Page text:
New York Times: Total Company Revenues Decrease, Internet Ad Revenues Increase

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In hindsight it seems a wise move that The New York Times settled their dispute with dissident shareholders yesterday. New York Times Company reported today that ad revenues fell 6.6% to $148 million in February. Compared with a year earlier, overall revenue from continuing operations dropped 2.6%.

And now the good news: Internet ad sales, however, rose 14.4 percent mostly on display advertising growth. Ad revenue from About Group in February grew 20.9%.

The newspaper publisher cautioned that March results would be hurt by the early timing of the Easter holiday, which, according to Market Watch. ”generally marks a time of lower advertising at the New York Times and Boston Globe.”

At post time NYT shares are down $0.28 or 1.49% at $18.26. Press release after the jump …

(image via clipart)


The New York Times Company announced today that in February total Company revenues from continuing operations decreased 2.6% compared with the same month a year ago. Advertising revenues decreased 6.6% and circulation revenues increased 2.4%. The About Group again posted strong advertising growth in the month, up 20.9%.

The Company expects its results for March will be adversely affected by the timing of Easter. Easter Sunday, which falls in March this year but was in April last year, is traditionally a time of reduced advertising at both The New York Times and The Boston Globe.

All comparisons are for February 2008 to February 2007 unless otherwise noted:

News Media Group: Advertising revenues for the News Media Group decreased 7.8% mainly because of weaker classified advertising.

The New York Times Media Group – Advertising revenues for The New York Times Media Group decreased 4.1%. National advertising revenues increased as growth in American fashion, International fashion, media and packaged goods advertising offset weakness in the telecommunications, national automotive and transportation categories. The fashion categories benefited from the February 24 issue of T: Women’s Fashion, which had a record number of ad pages, and was the largest spring issue of T: Women’s Fashion to date. Retail advertising revenues decreased mainly due to softness in department store, fine arts and mass market advertising. Classified advertising revenues decreased because of weakness in help-wanted, real estate and automotive advertising.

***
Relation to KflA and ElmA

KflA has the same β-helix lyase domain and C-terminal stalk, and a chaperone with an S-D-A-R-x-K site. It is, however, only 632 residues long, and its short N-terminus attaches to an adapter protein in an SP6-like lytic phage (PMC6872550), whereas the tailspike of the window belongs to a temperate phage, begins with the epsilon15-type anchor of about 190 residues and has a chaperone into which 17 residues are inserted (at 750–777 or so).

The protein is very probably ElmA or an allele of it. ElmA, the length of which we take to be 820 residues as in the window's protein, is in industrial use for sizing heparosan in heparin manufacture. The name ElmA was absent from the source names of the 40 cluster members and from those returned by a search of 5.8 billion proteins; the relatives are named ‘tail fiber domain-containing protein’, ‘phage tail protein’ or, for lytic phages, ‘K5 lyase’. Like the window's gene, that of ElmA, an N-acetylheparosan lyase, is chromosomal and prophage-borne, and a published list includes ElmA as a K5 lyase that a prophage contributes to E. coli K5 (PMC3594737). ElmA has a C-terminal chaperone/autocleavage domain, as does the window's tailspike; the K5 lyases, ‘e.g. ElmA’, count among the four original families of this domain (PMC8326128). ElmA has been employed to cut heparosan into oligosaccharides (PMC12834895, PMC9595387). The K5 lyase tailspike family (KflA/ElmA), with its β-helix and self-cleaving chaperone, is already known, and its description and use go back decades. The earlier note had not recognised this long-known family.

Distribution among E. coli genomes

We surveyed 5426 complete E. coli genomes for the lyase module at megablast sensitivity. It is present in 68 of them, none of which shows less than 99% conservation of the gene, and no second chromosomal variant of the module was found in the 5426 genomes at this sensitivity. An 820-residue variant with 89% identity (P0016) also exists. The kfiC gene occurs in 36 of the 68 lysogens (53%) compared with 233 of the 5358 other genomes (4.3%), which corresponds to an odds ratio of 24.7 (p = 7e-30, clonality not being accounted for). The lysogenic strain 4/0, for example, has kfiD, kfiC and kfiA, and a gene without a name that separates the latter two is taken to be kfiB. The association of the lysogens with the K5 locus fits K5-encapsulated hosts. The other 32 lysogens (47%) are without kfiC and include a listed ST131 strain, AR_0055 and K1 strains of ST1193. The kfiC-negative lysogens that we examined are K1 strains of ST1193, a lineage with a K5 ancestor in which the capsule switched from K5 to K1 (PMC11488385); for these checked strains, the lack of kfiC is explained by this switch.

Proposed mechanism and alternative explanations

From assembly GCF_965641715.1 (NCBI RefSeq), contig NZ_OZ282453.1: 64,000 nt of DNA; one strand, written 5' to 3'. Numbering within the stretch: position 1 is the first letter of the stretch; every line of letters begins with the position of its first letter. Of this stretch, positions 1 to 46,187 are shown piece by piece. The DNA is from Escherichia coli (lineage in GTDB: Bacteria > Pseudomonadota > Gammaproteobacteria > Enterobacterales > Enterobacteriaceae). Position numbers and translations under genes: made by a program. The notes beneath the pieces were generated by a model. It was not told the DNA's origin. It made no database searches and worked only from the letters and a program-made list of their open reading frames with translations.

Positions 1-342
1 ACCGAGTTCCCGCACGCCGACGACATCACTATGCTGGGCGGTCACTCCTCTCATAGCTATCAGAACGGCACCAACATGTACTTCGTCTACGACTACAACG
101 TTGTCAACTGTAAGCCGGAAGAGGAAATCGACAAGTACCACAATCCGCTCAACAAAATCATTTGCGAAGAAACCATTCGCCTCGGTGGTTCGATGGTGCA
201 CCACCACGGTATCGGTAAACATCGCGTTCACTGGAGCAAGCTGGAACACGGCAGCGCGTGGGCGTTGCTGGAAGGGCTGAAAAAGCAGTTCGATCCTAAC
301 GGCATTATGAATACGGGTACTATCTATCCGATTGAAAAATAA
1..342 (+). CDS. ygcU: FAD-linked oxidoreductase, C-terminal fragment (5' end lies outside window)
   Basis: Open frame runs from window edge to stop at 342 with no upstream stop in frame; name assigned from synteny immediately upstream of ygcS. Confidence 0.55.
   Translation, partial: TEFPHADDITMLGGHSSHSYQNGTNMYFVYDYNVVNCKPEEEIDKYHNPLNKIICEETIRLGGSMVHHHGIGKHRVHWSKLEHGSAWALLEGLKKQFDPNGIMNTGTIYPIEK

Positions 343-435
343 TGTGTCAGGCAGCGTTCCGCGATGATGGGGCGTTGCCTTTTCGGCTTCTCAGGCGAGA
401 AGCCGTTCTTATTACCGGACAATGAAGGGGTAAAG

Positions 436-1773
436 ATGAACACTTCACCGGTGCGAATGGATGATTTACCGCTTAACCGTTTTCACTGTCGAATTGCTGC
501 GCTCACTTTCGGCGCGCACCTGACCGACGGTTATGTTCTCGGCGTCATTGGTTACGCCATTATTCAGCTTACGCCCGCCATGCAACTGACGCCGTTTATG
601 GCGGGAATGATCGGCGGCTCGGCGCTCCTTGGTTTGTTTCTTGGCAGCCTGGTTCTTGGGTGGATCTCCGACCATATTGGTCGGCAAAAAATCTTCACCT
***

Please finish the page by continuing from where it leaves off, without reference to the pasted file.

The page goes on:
New England Media Group – Advertising revenues for the New England Media Group decreased 11.6%. National advertising revenues were lower mainly because of decreases in the financial services, telecommunications, national automotive and banking categories. Retail advertising revenues decreased primarily due to weakness in computer/office supplies, apparel/footwear and food/drug advertising. Classified advertising revenues decreased because of continued softness in help-wanted, real estate and automotive advertising.

Regional Media Group – Advertising revenues for the Regional Media Group decreased 15.8%. Retail advertising revenues were down mainly because of decreases in the home furnishings, banking/financial services and telecommunications categories. Classified advertising revenues decreased due to continued weakness in real estate, help- wanted and automotive advertising.

Internet advertising revenues included in the News Media Group rose 14.4% mainly due to growth in display advertising.

Circulation revenues for the News Media Group increased 2.4%. Revenues increased at The New York Times Media Group, and decreased at the New England and Regional Media Groups.

About Group – Advertising revenues at the About Group (which includes the Web sites of About.com, ConsumerSearch.com, UCompareHealthCare.com and Calorie-Count.com) rose 20.9% due to growth in cost-per-click advertising. In addition, advertising revenues reflect the acquisitions of ConsumerSearch.com in May 2007 and UCompareHealthCare.com in March 2007. Excluding these acquisitions, advertising revenues increased about 16%.

In addition, The New York Times Company had the 11th largest presence on the Web, with 50.0 million unique visitors in the United States in February 2008 according to Nielsen Online, up approximately 28% from 38.9 million unique visitors in February 2007. Also according to Nielsen Online, NYTimes.com had 19.0 million unique visitors in February versus 13.0 million in February 2007, up about 46%, and was the No. 1 newspaper Web site in the United States, a position it has long held.

Except for the historical information contained herein, the matters discussed in this press release are forward-looking statements that involve risks and uncertainties that could cause actual results to differ materially from those predicted by such forward-looking statements. These risks and uncertainties include national and local conditions, as well as competition, that could influence the levels (rate and volume) of retail, national and classified advertising and circulation generated by our various markets and material increases in newsprint prices. They also include other risks detailed from time to time in the Company’s publicly filed documents, including the Company’s Annual Report on Form 10-K for the year ended December 30, 2007. The Company undertakes no obligation to publicly update any forward-looking statement, whether as a result of new information, future events or otherwise.

The New York Times Company (NYSE: NYT), a leading media company with 2007 revenues of $3.2 billion, includes The New York Times, the International Herald Tribune, The Boston Globe, 15 other daily newspapers, WQXR-FM and more than 50 Web sites, including NYTimes.com, Boston.com and About.com. The Company’s core purpose is to enhance society by creating, collecting and distributing high-quality news, information and entertainment.